How new business models can help fight chronic diseases

A health worker screens a patient during a public awareness campaign on NCDs in Kampala International University in Uganda. Photo by: Center for Health Human Rights & Development / CC BY

Many people believe that noncommunicable diseases, such as heart disease, diabetes, asthma and cancer, are predominantly seen in high-income countries. In fact, World Health Organization data show that almost three-quarters of NCD deaths — 28 million — occur in low- and middle-income countries. This is partly a reflection of steady economic progress: as countries become wealthier and more urbanized, people adopt unhealthy lifestyles with the associated risks of obesity, and smoking- and alcohol-related disease.

In addition, the success of most African countries in reducing deaths from infectious diseases, pregnancies and malnutrition has led to significant gains in life span. In Ethiopia, for instance, the average life expectancy has increased by 10 years over the past decade. As a result, in many lower-income countries we are now witnessing a transition from infectious disease toward NCDs as a key cause of death and disability.

Many African governments recognize the threat and are trying to educate the public about the risks of unhealthy lifestyles. In Kenya, the government has created a five-year strategy to achieve higher public awareness around chronic diseases, and Rwanda has a similar public education program. But experience from infectious diseases shows that the availability of affordable medicines for NCDs will be essential, as it is only when people know that they can access treatment that they attend a health clinic for a diagnosis.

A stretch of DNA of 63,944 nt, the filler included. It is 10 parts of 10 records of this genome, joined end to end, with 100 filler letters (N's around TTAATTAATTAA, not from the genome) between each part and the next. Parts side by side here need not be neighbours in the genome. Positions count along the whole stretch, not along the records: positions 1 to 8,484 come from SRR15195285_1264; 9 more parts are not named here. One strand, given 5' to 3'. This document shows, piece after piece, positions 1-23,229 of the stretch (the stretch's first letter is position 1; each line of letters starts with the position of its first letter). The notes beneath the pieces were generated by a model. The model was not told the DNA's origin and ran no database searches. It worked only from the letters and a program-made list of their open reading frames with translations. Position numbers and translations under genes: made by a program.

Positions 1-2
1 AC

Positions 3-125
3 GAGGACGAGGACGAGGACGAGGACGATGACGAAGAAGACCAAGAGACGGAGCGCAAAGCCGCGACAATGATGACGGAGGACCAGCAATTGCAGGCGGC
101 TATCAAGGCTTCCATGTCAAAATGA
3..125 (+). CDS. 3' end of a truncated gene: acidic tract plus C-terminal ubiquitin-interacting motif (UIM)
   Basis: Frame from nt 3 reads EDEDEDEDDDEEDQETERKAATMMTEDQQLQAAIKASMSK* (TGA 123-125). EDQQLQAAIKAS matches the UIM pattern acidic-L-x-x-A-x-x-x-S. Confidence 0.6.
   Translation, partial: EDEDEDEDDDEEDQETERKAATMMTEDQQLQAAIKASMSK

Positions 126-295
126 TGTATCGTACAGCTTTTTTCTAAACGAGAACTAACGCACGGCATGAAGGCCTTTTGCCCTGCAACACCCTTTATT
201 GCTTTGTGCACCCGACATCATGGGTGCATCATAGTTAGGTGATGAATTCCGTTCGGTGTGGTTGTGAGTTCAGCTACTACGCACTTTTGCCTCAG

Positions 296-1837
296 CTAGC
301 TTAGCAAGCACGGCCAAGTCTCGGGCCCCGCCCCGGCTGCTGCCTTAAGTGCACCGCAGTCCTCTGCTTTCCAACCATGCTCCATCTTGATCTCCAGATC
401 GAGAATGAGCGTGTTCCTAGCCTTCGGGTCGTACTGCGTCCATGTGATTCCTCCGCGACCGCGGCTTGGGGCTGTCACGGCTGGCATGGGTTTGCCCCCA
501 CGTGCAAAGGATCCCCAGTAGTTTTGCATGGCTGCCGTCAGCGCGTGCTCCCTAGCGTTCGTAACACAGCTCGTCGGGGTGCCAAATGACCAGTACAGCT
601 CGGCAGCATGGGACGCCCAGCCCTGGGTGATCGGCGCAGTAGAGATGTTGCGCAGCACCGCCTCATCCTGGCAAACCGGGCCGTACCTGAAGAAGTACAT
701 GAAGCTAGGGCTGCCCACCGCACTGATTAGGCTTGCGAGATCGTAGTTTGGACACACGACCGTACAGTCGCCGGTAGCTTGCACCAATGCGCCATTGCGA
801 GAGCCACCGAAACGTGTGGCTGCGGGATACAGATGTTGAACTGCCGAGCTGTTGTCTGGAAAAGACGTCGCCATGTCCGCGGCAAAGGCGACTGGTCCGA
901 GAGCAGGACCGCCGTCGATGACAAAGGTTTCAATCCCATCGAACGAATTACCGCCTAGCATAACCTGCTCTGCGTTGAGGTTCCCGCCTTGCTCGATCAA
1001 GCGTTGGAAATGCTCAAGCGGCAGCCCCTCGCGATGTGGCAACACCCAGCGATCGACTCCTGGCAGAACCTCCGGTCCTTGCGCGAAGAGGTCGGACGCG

Empowering LICs to address chronic diseases

“Experience shows that investing in health is wise — workforces become more productive, fewer households fall into absolute poverty, and improved health in itself represents a real economic and developmental outcome.”

— Harald Nusser, global head, Novartis Access

We need novel approaches to tackle the challenge of NCDs in poorer countries. With this in mind, Novartis has launched Novartis Access, a new program to provide governments, nongovernmental organizations and other public-sector customers access to a portfolio of medicines at a price of $1 per treatment per month to treat cardiovascular diseases, diabetes, breast cancer and respiratory illnesses.

Novartis Access is currently being rolled out in Kenya and we are hoping 30 lower-income countries will join over time. Given the expected scale of the program and the fact that chronic conditions often require lifelong treatment, the long-term sustainability of the program is key. While the program is loss-making at this stage, in the medium term we hope to break even. The fixed cost means health systems can plan expenditure more predictably.

Partnership is at the core of the program. In Kenya, we work closely with the government and leading Christian groups providing health care services, including the Kenyan Conference of Catholic Bishops, the Christian Health Association of Kenya, and the Mission for Essential Drugs and Supplies.

The medicines we provide meet the government’s priorities in fighting NCDs, and we are working closely with the ministry of health and the counties to plan the rollout of the program across the public health system in the country. But, this is not just about supplying medicines —  we have to ensure health care workers are trained on the proper diagnosis and treatment of NCDs. This is not an easy task in a health system where most doctors and nurses —  understandably —  have been trained mainly to diagnose and treat infectious diseases.

Learning from infectious diseases, coping with chronic diseases

Dr. Jonathan Kiliko, the head of customer service at Mission for Essential Drugs and Supplies, predicted in a recent panel discussion that new approaches such as Novartis Access will help change the way many Kenyans look at chronic diseases. In his view, when patients know that early diagnosis and adherence to treatment can help them live well for many years, a virtuous circle of peer education starts.